path of development and subject to a different set of functional others (Buskens & Van Reisen, 2017).
laws, but just as exciting in terms of engineering (see for
12 instance: Johnson & Mikeka, 2016). In a theory where stable systems are rare, heritage and
tradition count as tested foundations of what may constitute
International cooperation in the digital era systems in equilibrium. In Africa and Asia, old fractal patterns
Cooperation does not mean pulling others up on a rope appear to have governed the geography and its outlay for
along the curve of exponential digital progress. Cooperation a history longer than Europe’s - not to speak of the United
is the task of carefully building bridges between the different States; these are tested patterns that have provided stability in
societal and technical systems, determining stability or fragility difficult times (Eglash & Odumosu, 2005). Support and respect
under the challenging digital onslaught of the Westphalian for the institutions that underpin those patterns, which have
equilibrium. A better analogy might be that cooperation means proven to be stable, are important components of international
feeding the system from within, from the roots of the tree, so cooperation. In terms of engineering, this means that the
that every branch receives the nourishment and sustenance to legitimate authority in foreign systems, and the boundaries set
produce fruit. In the case of Liberia, smaller, permanent, long- by legitimate authorities, should be respected. International
term, and more inclusive interventions on the ground would diplomacy in the information age requires sensitivity to the
have prevented Ebola from spinning out of control and, in its heritage that defines societies (Van Reisen, 2016a).
aftermath, would have helped to strengthen the country.
Digitalisation has already greatly undermined the current
A theory of system diversity provides an alternative basis for system of nations, as the ‘imagined community’ (Anderson,
thinking about cooperation in the digital era, aiming to bridge 1983) is no longer the exclusive prerogative of the nation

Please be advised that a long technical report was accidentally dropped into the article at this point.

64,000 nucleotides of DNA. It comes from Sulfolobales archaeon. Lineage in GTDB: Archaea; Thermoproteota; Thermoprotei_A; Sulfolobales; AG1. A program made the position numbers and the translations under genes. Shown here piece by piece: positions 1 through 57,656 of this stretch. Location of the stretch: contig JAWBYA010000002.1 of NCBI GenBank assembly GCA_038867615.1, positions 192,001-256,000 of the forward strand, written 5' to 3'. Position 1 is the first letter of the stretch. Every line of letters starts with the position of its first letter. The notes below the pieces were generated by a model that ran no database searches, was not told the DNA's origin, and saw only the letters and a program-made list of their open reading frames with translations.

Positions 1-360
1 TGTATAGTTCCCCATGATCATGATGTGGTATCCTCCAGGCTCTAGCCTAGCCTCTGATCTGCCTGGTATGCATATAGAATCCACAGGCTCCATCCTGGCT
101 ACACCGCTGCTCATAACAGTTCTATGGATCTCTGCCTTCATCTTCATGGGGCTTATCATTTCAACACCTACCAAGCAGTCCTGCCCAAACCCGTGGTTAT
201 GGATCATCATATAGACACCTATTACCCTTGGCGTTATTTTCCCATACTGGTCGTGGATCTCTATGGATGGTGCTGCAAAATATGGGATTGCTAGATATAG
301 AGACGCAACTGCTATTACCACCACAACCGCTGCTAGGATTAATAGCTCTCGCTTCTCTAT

different realities. Localisation then matters. Those engineering state, but extends beyond and across borders (Van Reisen
within the systems do so knowing the patterns that keep & Gerrima, 2016). Kutsal Yesilkagit (2016) demonstrates
the system in equilibrium. Interventions from outside the how identities of globalised virtual communities, through
Prof.dr. Mirjam Van Reisen
glocalisation may compete with national identities, straining The objective of the FAIR project is to build an Open Science
the public administration of nations and groups of nations. Cloud as a public good that everyone can benefit from and
The digital era may place great strain on international participate in (European Commission, 2016), which is not
cooperation, as the stability of internal systems and the limited to a particular discipline. Based on their own initiative
equilibrium between systems are challenged. in each country or region, Open Science Cloud nodes can
be established (cf. also CDISC). With local partners, we are
International cooperation in the digital era therefore needs working to establish nodes in East Africa, India and in West
to be cognisant of the multiple factors that determine how Africa, including Liberia. I am convinced that the future of the
societies change and how solutions match the particular digital era will be transformed by international cooperation
circumstances of a society. International cooperation is the through FAIR Data in which local nodes give value to it, while
policy of navigating carefully between the distinct layers of maintaining their ownership over the data.
various systems that exist in the international community,
recognising the legitimacy and leadership of domestic, local In this address I have reflected on international cooperation
and traditional authorities. in the digital era. We can consider the unique transformative
capacities of societies to engineer and progress in ways
Near-future Developments that make sense to people in their own context. Such
I would like to end by pointing to some exciting near-future transformative capacities will be based on the different
developments which will have a deep impact on how we will pathways developed from each unique societal history. My 13
cooperate. plea is to consider a new model for international cooperation,
which seeks to build bridges, that seeks to understand progress
The open science cloud of FAIR data from various contextualised interpretive frames.
Our world will increasingly be a virtual world expressed in
data. The European Open Science Cloud, established by the Each human being is looking for a life in dignity based on the
European Commission under leadership of Barend Mons, history that brought him to where he is in a specific location
is a bold endeavour to establish a common data protocol, at a particular point in time. Refugees from Syria and Eritrea,
which will form the basis of an open Internet of Data. The survivors of human trafficking, and those that were affected by
data protocol is called FAIR. Under this protocol data will the Ebola crisis, deserve caring attention, empowering them to